Don't look now, but the Oakland Raiders aren't a punchline anymore.
No, really. They aren't.
For most of the past decade, there hasn't been a more floundering, directionless team in the National Football League than the Raiders. But in 2015, under the direction of first-year head coach Jack Del Rio and with young playmakers on both sides of the ball, with a win over the New York Jets at home in Week 8 the Raiders could take a big step toward—and I can't believe I'm saying this—the playoffs.
|AFC West Standings|
|Denver Broncos||6-0||--||vs. GB|
|Oakland Raiders||3-3||3.0||vs. NYJ|
|Kansas City Chiefs||2-5||5.0||vs. DET|
|San Diego Chargers||2-5||5.0||at BAL|
|Entering Week 8|
After dismantling the Chargers in San Diego in a game that wasn't as close as the final score indicated in Week 7, the Raiders are 3-3 for the only the second time since 2002—the last time the Raiders made the postseason.
And plenty of people, including Adam Schein of NFL.com, are taking notice:
Oakland has a real football team. And it is pretty fantastic for Raider Nation and the NFL. I expected the Raiders to beat San Diego because they are the better team. That's a significant statement in isolation. Oakland crushed the Chargers, simply humiliated and humbled them. The 37-29 final score doesn't do it justice. It was 30-6 Oakland at the half.
Back in August, I anticipated the Raiders would return to respectability; at 3-3, they certainly haven't disappointed. While I don't think this team is quite ready to make the playoffs, I see Oakland being in the mix all season. Jack Del Rio has changed the culture. The Raiders ooze young talent. It's fun to watch.
Yes, I just said the Raiders are "fun to watch." It's a new day indeed!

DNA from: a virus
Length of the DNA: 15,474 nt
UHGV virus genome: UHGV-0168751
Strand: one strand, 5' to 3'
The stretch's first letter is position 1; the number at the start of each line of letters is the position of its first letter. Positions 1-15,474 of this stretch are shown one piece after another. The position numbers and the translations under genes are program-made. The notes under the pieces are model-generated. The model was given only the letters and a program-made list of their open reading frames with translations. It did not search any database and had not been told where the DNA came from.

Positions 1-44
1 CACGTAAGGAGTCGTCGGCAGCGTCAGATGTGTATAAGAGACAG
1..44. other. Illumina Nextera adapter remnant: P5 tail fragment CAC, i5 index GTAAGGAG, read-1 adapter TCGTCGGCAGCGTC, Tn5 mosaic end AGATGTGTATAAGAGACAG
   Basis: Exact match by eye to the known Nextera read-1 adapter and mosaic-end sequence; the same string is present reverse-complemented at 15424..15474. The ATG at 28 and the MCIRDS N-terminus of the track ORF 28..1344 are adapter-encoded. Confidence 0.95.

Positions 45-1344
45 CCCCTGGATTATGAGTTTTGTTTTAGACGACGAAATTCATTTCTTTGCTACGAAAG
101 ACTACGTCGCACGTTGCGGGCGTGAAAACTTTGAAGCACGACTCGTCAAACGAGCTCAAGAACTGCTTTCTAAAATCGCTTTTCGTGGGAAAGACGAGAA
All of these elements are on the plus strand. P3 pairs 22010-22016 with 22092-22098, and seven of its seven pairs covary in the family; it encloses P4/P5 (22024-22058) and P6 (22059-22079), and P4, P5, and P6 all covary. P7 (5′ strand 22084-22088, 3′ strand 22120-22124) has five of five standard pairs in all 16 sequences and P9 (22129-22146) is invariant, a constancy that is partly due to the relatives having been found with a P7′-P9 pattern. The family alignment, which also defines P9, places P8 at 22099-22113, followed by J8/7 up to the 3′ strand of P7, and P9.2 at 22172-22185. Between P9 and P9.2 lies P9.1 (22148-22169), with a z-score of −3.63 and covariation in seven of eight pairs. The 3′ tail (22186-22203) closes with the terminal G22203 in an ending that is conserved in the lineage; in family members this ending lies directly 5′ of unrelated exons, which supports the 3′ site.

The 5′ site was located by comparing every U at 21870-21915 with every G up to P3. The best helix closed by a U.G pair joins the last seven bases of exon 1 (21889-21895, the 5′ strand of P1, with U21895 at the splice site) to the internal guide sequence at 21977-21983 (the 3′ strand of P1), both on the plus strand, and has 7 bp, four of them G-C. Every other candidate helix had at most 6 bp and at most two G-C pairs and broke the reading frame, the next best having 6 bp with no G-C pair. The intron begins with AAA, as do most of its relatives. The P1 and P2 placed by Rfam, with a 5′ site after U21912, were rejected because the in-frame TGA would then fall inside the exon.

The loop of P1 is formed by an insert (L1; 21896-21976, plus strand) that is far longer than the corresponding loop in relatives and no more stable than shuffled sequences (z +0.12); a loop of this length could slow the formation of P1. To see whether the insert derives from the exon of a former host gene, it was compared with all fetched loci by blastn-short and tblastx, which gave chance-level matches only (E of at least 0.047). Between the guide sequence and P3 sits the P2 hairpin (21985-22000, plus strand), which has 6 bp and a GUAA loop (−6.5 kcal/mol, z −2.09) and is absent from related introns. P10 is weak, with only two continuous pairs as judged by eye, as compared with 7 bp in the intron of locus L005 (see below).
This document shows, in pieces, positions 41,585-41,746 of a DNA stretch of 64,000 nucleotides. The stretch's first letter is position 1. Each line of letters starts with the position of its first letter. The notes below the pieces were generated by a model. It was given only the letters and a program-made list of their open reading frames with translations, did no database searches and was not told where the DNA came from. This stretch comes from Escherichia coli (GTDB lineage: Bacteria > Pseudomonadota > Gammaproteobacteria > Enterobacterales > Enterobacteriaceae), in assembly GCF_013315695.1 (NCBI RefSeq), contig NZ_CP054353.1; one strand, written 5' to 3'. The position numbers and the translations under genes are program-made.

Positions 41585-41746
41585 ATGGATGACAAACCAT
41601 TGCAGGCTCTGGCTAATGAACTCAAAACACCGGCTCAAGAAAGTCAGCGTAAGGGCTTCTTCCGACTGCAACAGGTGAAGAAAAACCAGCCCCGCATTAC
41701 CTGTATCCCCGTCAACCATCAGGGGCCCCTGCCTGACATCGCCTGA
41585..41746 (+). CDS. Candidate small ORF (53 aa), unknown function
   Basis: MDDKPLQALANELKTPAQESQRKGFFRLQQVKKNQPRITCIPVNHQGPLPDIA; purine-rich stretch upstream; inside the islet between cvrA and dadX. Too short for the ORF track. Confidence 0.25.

Honestly, when is the last time the Raiders were on the right side of a 30-6 halftime score?
That win snapped a two-game skid and was only the Raiders' second win in the past 13 seasons coming out of the bye week. Take away a fourth quarter in which the Chargers outscored Oakland 23-0 after the game was decided, and it was a woodshed moment for a team that's had precious few of those of late.
It also got a fanbase starved for success thinking the unthinkable: that the Raiders might actually make a run at a playoff spot. When reporters mentioned the "P word" after the San Diego game, Del Rio didn't shy from it, per Tim Kawakami of the San Jose Mercury-News:
We talked from Day 1 about our No. 1 goal was to win the division. You have to win in the division to have a chance to win the division.
We don’t sit and fixate on it every day–we can see the numbers, we know there’s a team that’s undefeated right now. But for us it’s just about the process of playing good football.
That was a stated goal, we’re not going to back away from it. But what we’re going to focus on now is to be a good football team and demanding, developing, growing as an organization, as a football team.
I’m proud of our guys because I see plenty of good signs of growth.
Now, at this point, it's time for a cold-water moment. The Chargers sort of, um, stink. So do the Baltimore Ravens, who the Raiders beat in Week 2. And the Cleveland Browns, who the Raiders downed in Week 3.
The combined record of the opponents from Oakland's three wins is 5-16. Against the two teams the Raiders have faced with winning records, they've been outscored 49-23, including a 33-13 pasting at the hands of the Cincinnati Bengals in Week 1.
And the Jets are a 4-2 team with the NFL's second-ranked defense who just gave the New England Patriots all they could handle in Boston.
Much like the Raiders, the Jets are a team making real progress this season. An easy out they ain't.
But that growth Del Rio mentioned? It isn't just coachspeak.
Quarterback Derek Carr has blossomed in Year 2. Through six games Carr has passed for nearly 1,500 yards with 11 touchdowns versus only three interceptions.
It's the first time since Rich Gannon in 2002 that an Oakland quarterback has tossed double-digit scoring passes over the season's first six games.